Carlingford is a coastal town on the Cooley Peninsula, County Louth. It is situated between Carlingford Lough and Slieve Foy. It’s 90 km north of Dublin and 11 km south of the border with Northern Ireland and so made a perfect destination for a one day road trip to work on my rusty driving skills. I didn’t know much about the town and I wasn’t sure what to expect. However, I’ve always liked the song Farewell to Carlingford and had a very romantic picture of the town in my head. And I actually wasn’t wrong. The town is beautifully nestled between the mountains and the sea and has many historical sites.
Carlingford Priory was established around 1305 at the request of Richard de Burgo. The priory included a church, a cloister and a series of domestic buildings such as dormitories, kitchen and refectory. It was dissolved by the order of Henry VIII in 1539 and the church was later used as a base for herring fishermen.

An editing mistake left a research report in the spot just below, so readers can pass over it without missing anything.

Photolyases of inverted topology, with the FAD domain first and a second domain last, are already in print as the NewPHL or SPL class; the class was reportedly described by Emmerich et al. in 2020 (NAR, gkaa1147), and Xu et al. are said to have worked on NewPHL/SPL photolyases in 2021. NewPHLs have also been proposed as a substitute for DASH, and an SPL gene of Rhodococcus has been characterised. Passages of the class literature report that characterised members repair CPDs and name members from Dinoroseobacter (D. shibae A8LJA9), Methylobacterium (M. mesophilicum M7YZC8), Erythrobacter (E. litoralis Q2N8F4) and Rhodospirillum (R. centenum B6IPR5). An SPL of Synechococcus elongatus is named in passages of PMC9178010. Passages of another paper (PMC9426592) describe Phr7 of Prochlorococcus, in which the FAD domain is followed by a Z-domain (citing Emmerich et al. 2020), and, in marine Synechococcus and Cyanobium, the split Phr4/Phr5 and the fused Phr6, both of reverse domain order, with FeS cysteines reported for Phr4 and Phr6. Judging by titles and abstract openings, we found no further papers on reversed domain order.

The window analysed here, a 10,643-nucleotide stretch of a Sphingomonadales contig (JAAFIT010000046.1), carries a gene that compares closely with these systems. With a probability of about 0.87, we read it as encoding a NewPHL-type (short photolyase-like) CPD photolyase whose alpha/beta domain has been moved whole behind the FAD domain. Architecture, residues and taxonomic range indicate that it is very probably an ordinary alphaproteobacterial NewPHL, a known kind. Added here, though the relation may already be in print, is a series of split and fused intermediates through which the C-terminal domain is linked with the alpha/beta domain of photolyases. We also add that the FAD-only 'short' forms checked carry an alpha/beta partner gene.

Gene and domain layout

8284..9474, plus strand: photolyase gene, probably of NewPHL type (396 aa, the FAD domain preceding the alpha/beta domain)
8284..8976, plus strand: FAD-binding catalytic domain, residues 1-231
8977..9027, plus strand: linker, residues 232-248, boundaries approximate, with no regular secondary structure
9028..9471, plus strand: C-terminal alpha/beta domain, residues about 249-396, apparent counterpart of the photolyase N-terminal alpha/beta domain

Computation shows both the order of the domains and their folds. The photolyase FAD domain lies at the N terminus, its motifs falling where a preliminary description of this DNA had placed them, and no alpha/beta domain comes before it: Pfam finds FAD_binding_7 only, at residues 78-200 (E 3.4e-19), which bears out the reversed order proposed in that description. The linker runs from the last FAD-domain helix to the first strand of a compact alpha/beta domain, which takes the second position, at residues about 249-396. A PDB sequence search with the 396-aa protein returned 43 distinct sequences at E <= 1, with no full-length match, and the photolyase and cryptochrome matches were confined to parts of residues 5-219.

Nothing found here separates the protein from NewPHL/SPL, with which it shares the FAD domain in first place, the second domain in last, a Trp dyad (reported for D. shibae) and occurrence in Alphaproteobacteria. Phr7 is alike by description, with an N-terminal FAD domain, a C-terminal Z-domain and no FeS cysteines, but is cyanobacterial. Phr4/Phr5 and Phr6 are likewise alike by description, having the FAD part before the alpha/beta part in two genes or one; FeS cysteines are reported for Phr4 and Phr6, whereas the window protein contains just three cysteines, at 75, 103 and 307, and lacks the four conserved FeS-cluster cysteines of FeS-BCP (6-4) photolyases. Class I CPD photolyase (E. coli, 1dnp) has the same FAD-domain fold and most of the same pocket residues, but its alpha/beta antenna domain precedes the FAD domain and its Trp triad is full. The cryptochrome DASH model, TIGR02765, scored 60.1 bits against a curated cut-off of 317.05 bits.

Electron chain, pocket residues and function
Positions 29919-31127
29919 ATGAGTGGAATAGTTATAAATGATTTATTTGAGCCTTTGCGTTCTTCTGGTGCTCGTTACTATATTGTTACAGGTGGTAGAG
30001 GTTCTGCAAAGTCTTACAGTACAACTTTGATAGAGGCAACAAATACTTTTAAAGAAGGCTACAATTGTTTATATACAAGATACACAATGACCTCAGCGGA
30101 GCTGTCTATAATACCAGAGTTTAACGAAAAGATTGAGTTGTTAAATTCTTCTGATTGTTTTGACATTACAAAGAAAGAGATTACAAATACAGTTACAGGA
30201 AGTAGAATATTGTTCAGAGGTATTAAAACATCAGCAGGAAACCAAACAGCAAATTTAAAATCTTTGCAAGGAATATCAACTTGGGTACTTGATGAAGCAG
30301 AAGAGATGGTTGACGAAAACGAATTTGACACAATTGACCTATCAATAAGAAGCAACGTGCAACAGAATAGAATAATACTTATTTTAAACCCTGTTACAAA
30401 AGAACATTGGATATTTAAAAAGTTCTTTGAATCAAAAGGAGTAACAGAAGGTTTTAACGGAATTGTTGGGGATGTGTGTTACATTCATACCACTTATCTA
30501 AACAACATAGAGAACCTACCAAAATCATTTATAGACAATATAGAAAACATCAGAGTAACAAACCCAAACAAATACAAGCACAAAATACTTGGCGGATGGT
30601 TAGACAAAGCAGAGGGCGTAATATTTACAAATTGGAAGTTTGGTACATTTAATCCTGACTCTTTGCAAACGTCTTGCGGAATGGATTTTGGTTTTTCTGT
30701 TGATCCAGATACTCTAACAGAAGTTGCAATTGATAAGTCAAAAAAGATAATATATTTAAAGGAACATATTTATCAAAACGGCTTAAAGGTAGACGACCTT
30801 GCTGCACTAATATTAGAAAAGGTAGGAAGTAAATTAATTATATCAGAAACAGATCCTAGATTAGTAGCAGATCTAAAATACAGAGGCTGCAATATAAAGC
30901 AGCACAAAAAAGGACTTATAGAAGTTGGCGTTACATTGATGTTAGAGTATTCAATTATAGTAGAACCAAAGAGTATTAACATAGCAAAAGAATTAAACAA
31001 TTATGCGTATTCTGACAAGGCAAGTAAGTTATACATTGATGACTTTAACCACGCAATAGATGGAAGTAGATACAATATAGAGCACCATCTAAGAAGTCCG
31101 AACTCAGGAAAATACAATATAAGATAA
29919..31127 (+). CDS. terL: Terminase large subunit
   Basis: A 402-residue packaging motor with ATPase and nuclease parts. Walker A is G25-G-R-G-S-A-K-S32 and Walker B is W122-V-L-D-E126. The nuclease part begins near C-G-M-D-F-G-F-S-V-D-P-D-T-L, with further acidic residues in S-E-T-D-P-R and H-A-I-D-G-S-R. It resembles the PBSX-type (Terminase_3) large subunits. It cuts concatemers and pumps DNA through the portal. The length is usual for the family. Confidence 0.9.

Church of the Holy Trinity
It was donated by the Church of Ireland to Carlingford. The present building is the result of rebuilding over the centuries. The tower along with the doorway in the South Wall are medieval.
The building is a fortified three-storey town house belonging to a wealthy merchant family in the centre of Carlingford. The building has been identified as the site of a mint established in 1467, hence its name, however it was probably built in the late 16th century. The carvings of the man, horse and interlace ornament on the windows reflect the the revival of Celtic art in the 15th and 16th centuries.
King John’s Castle
Although, the castle owes its name to King John (Richard the Lionheart’s brother) who visited Carlingford in 1210, it was commissioned around 1200 by Hugh de Lacy.
The Tholsel or “town-gate” is the only remaining example of its nature in Carlingford and one of the few left in Ireland. The original function was to levy taxes on goods entering the town.